Autism spectrum disorder treatment programs see both mild forms of autism and nonverbal autism. But what is nonverbal autism and how common is it? Autism is a spectrum disorder because symptoms vary in severity. While many nonverbal issues can be overcome, some individuals with severe autism are unable to develop verbal skills, even in adulthood. A targeted intervention program in Westchester, NY improves children’s cognitive and social skills while also encouraging them to interact with one another in socially meaningful interactions.
What is Nonverbal Autism?
Autism is a neurodevelopmental disorder that can lead to significant impairments. Children with autism typically fail to meet developmental milestones, such as talking or walking, on time. Autism spectrum disorders impede social and language skills, which can make it hard for children with autism to interact and connect with peers.
Common symptoms of autism in children include:
- Significant delays in language development, such as failing to speak phrases by two years of age
- Motor impairments, such as difficulty walking or performing fine motor functions
- Repeating words, phrases, or body movements
- Trouble adapting to change
- Problems expressing emotion
- Avoiding eye contact
Nonverbal autism occurs when individuals fail to develop oral language skills even after therapeutic interventions. If you are still wondering what is nonverbal autism, it’s important to remember that having nonverbal autism doesn’t mean you can’t understand what other people say or feel.
Nonverbal autism can allow you to understand communication but it prevents you from expressing your thoughts and feelings with spoken words. That means many individuals with nonverbal autism have normal or above-average intelligence. Having nonverbal autism can make it especially difficult to cope with symptoms, as an inability to talk can preclude you from interacting with peers.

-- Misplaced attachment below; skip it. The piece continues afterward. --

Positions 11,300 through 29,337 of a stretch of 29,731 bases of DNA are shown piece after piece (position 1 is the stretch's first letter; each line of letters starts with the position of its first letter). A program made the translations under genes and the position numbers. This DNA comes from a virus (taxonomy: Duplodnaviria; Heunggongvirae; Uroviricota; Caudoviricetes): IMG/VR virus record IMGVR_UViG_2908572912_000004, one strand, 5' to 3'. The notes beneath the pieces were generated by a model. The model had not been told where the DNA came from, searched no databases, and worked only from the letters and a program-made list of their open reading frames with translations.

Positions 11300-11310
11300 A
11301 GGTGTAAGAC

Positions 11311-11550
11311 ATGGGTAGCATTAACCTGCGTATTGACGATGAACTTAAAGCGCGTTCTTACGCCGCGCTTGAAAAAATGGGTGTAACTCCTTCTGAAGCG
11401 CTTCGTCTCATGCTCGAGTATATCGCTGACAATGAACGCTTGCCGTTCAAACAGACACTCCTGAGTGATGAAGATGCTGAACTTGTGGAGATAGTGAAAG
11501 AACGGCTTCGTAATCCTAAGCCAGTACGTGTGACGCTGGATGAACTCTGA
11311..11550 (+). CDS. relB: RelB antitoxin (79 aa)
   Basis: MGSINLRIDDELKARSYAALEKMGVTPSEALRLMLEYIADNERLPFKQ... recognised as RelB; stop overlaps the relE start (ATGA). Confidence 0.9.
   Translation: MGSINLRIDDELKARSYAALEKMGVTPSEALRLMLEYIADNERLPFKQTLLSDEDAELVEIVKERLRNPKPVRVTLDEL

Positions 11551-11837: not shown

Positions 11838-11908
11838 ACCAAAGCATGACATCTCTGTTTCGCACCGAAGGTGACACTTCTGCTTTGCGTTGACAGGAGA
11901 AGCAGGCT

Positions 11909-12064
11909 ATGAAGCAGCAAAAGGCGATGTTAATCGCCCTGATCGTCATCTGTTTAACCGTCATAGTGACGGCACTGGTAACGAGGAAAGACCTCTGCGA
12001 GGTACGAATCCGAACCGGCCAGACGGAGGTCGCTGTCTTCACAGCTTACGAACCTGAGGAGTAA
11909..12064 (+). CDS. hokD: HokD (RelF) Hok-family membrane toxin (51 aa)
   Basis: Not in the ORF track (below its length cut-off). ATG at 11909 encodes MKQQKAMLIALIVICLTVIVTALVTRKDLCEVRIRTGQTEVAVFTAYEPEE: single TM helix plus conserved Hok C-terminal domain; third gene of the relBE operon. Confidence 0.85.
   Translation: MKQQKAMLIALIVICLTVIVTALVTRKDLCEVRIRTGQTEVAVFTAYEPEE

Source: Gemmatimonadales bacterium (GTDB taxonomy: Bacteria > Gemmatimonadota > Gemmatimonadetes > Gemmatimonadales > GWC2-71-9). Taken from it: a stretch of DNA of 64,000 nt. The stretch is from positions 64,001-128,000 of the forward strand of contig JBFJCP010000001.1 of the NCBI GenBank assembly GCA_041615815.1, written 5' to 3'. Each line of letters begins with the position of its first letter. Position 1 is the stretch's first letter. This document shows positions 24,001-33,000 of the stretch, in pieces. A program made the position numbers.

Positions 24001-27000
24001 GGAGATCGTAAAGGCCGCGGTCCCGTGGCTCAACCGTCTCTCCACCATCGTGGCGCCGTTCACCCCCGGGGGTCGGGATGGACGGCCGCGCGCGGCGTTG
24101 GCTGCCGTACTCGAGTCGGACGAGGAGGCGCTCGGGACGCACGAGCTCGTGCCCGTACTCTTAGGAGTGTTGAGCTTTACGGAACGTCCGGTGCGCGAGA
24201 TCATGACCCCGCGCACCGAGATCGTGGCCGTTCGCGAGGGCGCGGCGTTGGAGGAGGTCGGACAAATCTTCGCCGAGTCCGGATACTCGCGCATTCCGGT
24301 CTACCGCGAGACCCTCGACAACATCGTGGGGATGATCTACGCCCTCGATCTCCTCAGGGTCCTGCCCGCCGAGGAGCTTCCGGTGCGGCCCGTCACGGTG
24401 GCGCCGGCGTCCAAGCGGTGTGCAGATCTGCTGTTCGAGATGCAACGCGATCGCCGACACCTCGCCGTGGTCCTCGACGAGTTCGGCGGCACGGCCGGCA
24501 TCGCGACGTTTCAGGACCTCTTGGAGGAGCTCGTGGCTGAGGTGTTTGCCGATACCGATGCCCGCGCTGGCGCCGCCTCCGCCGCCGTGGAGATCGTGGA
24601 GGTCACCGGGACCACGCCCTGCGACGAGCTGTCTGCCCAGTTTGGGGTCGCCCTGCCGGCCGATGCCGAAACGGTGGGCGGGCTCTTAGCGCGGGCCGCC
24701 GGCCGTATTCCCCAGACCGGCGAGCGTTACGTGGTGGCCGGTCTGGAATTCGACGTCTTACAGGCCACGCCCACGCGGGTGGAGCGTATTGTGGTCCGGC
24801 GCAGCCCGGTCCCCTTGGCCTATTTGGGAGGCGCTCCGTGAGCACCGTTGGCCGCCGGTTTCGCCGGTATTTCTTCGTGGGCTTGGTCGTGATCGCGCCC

How is Autism Treated?
Autism spectrum disorder treatment programs in Westchester, NY work to improve social, communication, and self-care skills, which is especially important for those with nonverbal autism.
Autism treatment can begin within the first year of life, as programs like early intervention specialize in working with babies and young children. A targeted intervention program works with school-aged children and creates highly individualized treatment goals. Autism treatment programs involve family members to help parents learn how to cope with their child’s symptoms. Your child’s school may offer specialized services, such as providing a TSS, to ensure your child is meeting developmental goals and engaging in positive interactions with peers.
A social skills work program in Westchester, NY focuses on helping children adapt to standard social norms, like playing with classmates and responding to others when they talk. The reason developing social skills is a central part of autism treatment is that it helps improve communication, which makes socializing and cultivating friendships easier.
How is Nonverbal Autism Diagnosed?
Behavioral observation is how doctors diagnose autism spectrum disorders. Medical tests, like blood panels and imaging tests, can rule out other conditions. To meet the criteria for autism, symptoms must impact daily life and must not be caused by an intellectual disorder. Many parents first notice symptoms by age two, which is why contacting your pediatrician or an autism treatment center is important if you notice developmental problems.
Since a diagnosis may require a referral and multiple appointments, reaching out for help when symptoms first appear can improve treatment outcomes. Your child’s pediatrician or a childhood behavioral expert will observe your child, potentially in multiple settings. If your child is in school, observation may also occur there to see how your child interacts with peers.
If you notice symptoms in your child that make you wonder what is nonverbal autism, it’s likely a sign that you should contact your child’s pediatrician and discuss how to begin the diagnosis and treatment process.